Design Changes to Boeing 737 Max Approved: Transport Canada

Planes to be grounded until safety concerns fully addressed
December 17, 2020 Updated: December 17, 2020

Ottawa has given the green light to Boeing 737 Max’s design changes after completing an independent review, but says the planes will stay grounded in Canada until all safety concerns are fully addressed and satisfied.

Transport Canada announced Thursday that the design changes to be made on the Boeing 737 Max airplanes have been approved with the completion of an independent review by the department’s aviation safety experts—a first step to fly the planes again in Canadian skies after being grounded for nearly two years following two tragic crashes.

“However, the return to service is complex, and Transport Canada must put in place comprehensive safety plans that require additional aircraft changes, maintenance and training,” Transport Canada said in a news release. 

One of the changes include the software associated with the Maneuvering Augmentation Characteristics System (MCAS) that resulted in the fatal crashes of Indonesia’s Lion AirFlight 610 in October 2018 killing all 189 passengers and crew on board, and Ethiopian Airlines Flight 302 in March 2019, which killed 346 people. 

The MCAS was designed to negate the weight of the Boeing 737 Max’s larger engines that pull the plane down, thus tilting its nose upward at a higher than usual angle. In that scenario, the MCAS can offset the effect by automatically pointing the nose down. (para 7)

However, the MCAS was erroneously engaged and forced the planes’ noses to point down causing the pilots to lose control of the aircraft, leading to the two crashes.

But Transport Canada said the design changes will now include an enhanced flight deck procedure that will give pilots the option to override the MCAS by disabling a loud and intrusive warning system (commonly called the “stick shaker”) when the system has been erroneously activated by a failure in the angle of attack—the angle between the direction that the nose of the airplane is pointing and the direction of the oncoming wind—sensor system. 

“This feature will help to reduce pilot workload given what has been learned from the two tragic accidents, and has been fully evaluated by Transport Canada’s flight test pilots,” Transport Canada said. “There will also be differences in training including training on the enhanced flight deck procedure.”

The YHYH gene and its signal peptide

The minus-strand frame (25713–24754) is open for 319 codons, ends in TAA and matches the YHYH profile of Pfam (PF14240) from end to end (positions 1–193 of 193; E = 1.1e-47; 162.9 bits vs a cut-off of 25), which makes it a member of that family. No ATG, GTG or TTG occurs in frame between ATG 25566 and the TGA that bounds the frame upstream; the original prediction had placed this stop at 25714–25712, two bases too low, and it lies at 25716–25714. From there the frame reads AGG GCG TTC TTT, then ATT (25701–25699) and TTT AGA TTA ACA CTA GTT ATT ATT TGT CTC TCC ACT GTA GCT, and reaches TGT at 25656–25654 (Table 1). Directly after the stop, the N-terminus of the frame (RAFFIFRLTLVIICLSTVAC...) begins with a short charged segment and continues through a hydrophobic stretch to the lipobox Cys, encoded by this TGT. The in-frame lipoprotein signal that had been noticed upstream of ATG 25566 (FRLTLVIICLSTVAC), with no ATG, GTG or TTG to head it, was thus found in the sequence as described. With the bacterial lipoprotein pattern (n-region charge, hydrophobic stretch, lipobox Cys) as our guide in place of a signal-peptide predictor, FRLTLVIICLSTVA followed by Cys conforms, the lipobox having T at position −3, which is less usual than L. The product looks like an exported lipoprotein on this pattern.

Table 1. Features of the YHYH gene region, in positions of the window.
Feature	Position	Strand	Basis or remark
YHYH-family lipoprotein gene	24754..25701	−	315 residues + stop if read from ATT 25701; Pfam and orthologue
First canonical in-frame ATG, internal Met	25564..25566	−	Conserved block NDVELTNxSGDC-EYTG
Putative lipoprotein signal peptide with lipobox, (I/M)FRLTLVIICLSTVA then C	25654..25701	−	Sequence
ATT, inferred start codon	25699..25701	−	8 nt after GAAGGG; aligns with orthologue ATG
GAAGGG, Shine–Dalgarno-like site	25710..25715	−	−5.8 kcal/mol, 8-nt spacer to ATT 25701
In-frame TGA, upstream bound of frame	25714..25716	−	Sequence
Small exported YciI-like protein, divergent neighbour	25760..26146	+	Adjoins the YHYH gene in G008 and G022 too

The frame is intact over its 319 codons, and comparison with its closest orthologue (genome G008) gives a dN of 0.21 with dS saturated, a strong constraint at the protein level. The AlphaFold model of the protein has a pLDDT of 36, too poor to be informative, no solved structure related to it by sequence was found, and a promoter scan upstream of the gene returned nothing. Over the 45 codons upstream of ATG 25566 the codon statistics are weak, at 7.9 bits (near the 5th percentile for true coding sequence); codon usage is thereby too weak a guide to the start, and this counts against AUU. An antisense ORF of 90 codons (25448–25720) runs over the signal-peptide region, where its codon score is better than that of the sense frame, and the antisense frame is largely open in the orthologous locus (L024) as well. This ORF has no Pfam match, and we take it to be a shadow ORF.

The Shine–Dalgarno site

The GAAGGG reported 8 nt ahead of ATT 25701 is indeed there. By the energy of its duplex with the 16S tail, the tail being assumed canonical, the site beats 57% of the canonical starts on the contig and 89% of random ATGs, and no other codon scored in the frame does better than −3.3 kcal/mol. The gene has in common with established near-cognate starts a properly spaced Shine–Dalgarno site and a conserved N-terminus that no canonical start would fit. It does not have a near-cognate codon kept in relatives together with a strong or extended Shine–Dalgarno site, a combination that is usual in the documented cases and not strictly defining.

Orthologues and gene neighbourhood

The department expects to issue a Canadian Airworthiness Directive in January 2021 that will mandate the design changes to be incorporated in the Boeing 737 Max aircrafts. It will also issue an Interim Order that requires pilots operating these aircrafts to undergo a revised training program, and airlines to conduct maintenance of these planes. 

Epoch Times Photo
A Gol Airlines Boeing 737 Max plane approaches to land at the international airport in Guarulhos, near Sao Paulo, Brazil, on Dec. 9, 2020. (Andre Penner/AP Photo)

As of Nov. 18, the U.S Federal Aviation Administration has approved the 737 Max to return to commercial service. Airlines, including American Airlines, said it plans to reintroduce the planes through a phased approach.

“We will begin with non-commercial flights in early December before the official return to service date to demonstrate that the 737 MAX is as safe as every plane we fly at American,” American Airlines said in a statement.

Brazil’s Gol Airlines, on the other hand, began flying passengers with the 737 Max since Dec. 9.

“Transport Canada’s decision to put additional safety measures in place does not imply that a U.S.-configured aircraft is inherently unsafe,” Transport Canada said

The commercial flight restrictions for the operation of the Boeing 737 MAX aircraft in Canadian airspace remain in effect and will not be lifted until Transport Canada is fully satisfied that all its safety concerns have been addressed.”